Leadership: Missing In Action

Abbott almost sounded like a leader at the Coalition campaign launch. But does his vision extend beyond Australia’s borders, asks Fiona Armstrong

This election campaign is all about directions – moving forward, back, or just away from something else. Distracted by where they’re going, our political leaders have offered very little in terms of debate on serious issues: our economic future; the health and wellbeing of the population; or what will be done to ensure a stable society in the face of increasing global threats.

Commentators have been decrying the lack of leadership and sincerity in the campaign, so it was refreshing when, at his party’s campaign launch this week, Mr Abbott sounded more like a leader. He sounded sincere too, and while he could be accused of using hyperbole — this is an Abbott speciality, after all — he finally elucidated a vision to the electorate of what his government might offer.

Trouble is, it’s only a small vision, and it is confined to Australian borders. Taking an isolationist (stop the boats) and reductionist (stop big new taxes) approach to public policy as we approach the coming century ignores the interconnectedness of contemporary society. While our democracy is currently failing to deliver effective responses to some of the big global challenges (e.g. climate change), it is folly to imagine that a better society might result by “clawing back debt” or further strengthening the hand of corporations to dictate policy with “lower taxes, smaller government and greater freedom”.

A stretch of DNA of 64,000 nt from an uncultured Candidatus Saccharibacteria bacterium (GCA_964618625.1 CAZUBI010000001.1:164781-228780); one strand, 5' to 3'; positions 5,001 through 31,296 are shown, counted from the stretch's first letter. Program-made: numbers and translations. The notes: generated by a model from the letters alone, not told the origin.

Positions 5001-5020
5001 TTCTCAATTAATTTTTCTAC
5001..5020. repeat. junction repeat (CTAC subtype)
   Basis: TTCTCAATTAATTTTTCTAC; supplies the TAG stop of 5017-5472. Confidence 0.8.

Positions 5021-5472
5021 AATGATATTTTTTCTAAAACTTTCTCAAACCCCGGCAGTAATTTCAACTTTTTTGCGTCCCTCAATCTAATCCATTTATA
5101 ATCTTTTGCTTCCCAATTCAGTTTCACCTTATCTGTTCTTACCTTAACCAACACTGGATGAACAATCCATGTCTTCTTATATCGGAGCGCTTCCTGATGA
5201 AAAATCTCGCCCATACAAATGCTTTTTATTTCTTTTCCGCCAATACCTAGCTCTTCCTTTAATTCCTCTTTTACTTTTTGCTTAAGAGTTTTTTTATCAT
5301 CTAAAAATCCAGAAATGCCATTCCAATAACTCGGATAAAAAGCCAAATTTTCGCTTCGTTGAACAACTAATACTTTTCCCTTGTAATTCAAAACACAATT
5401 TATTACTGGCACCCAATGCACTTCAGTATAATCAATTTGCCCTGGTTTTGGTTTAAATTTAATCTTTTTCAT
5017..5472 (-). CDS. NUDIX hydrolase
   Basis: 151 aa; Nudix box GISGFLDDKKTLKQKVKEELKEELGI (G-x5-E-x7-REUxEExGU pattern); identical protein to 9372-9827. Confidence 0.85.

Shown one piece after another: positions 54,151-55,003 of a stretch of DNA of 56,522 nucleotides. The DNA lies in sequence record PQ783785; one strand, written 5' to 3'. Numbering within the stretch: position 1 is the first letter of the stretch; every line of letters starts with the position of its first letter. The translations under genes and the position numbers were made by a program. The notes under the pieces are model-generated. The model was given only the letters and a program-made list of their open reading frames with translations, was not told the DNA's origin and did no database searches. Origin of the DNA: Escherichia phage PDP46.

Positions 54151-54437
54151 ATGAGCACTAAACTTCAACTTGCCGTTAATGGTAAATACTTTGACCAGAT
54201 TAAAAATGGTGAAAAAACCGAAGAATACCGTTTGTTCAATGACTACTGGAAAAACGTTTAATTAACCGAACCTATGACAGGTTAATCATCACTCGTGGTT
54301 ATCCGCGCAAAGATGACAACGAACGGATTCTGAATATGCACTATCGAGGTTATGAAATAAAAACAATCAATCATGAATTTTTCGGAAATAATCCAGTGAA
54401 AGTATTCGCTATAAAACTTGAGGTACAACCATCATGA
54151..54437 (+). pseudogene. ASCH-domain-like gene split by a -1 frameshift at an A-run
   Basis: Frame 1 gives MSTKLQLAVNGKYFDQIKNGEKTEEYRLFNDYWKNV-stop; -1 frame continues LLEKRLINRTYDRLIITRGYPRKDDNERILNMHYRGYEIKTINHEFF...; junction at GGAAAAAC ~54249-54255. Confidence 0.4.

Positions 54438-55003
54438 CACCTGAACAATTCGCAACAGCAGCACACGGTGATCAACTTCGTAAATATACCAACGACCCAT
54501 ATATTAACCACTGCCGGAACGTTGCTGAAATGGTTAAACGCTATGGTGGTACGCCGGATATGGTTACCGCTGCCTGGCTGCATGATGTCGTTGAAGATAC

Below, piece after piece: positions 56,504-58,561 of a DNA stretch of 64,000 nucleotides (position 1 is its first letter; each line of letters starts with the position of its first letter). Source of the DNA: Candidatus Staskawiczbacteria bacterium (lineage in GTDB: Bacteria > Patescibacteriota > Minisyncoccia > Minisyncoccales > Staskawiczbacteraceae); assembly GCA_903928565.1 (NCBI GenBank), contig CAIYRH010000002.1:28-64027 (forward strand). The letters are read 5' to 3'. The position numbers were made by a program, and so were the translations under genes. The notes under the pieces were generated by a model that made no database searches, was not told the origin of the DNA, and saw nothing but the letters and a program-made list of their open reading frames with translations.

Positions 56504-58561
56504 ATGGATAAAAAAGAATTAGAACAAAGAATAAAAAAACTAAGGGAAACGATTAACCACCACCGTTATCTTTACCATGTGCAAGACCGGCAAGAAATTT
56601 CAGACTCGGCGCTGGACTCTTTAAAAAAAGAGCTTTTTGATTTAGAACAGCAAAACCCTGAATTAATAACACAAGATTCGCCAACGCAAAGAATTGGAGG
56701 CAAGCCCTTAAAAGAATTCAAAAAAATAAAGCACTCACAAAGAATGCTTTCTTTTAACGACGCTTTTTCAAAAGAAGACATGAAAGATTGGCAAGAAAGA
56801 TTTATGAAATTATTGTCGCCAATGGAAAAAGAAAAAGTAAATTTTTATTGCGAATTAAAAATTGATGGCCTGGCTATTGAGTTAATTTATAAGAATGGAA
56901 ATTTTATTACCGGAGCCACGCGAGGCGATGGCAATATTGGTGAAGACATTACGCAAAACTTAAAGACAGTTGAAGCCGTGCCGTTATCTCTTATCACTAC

There was little acknowledgment in Abbott’s speech on Sunday of global issues: no foreign policy; no defence; no trade. Nothing on the immense challenges we face (nor any sign of a plan to guide us) in transitioning, as inevitably we must, to a low or zero carbon society as we contribute to the global task of restoring a safe climate.

There was only a passing reference to climate change, despite it being the “biggest global health threat of the 21st century”, according to this UK study.

Mr Abbott’s Green Army is a quaint, practical vision for helping to restore the health of local ecosystems but falls far short of making a dent in the real problem – which is in the atmosphere. Planting trees to draw down carbon dioxide while we continue to burn coal is rather like mopping up the blood off the floor but failing to apply a tourniquet. We need to stop the haemorrhage of harmful (locally, to individuals as air pollution, and globally, as contributors to the greenhouse effect) gases into our atmosphere – our global commons.

Both Abbott and Gillard are responding to the challenge of climate change by deferring responsibility elsewhere – Abbott to 15,000 young people (to tackle “large-scale environmental remediation” ) and Gillard to 150 randomly selected citizens (“to examine the evidence on climate change and the case for action”).

Other countries meanwhile get on with the task of making plans, cutting emissions, investing in renewable energy, and boosting climate literacy in their communities to build support for the changes ahead. All of these actions require leadership. Not groups of enthusiastic gardeners or well meaning volunteers grappling with complex earth system science.

Leadership. It’s badly needed, but it’s missing in action down here in Australia.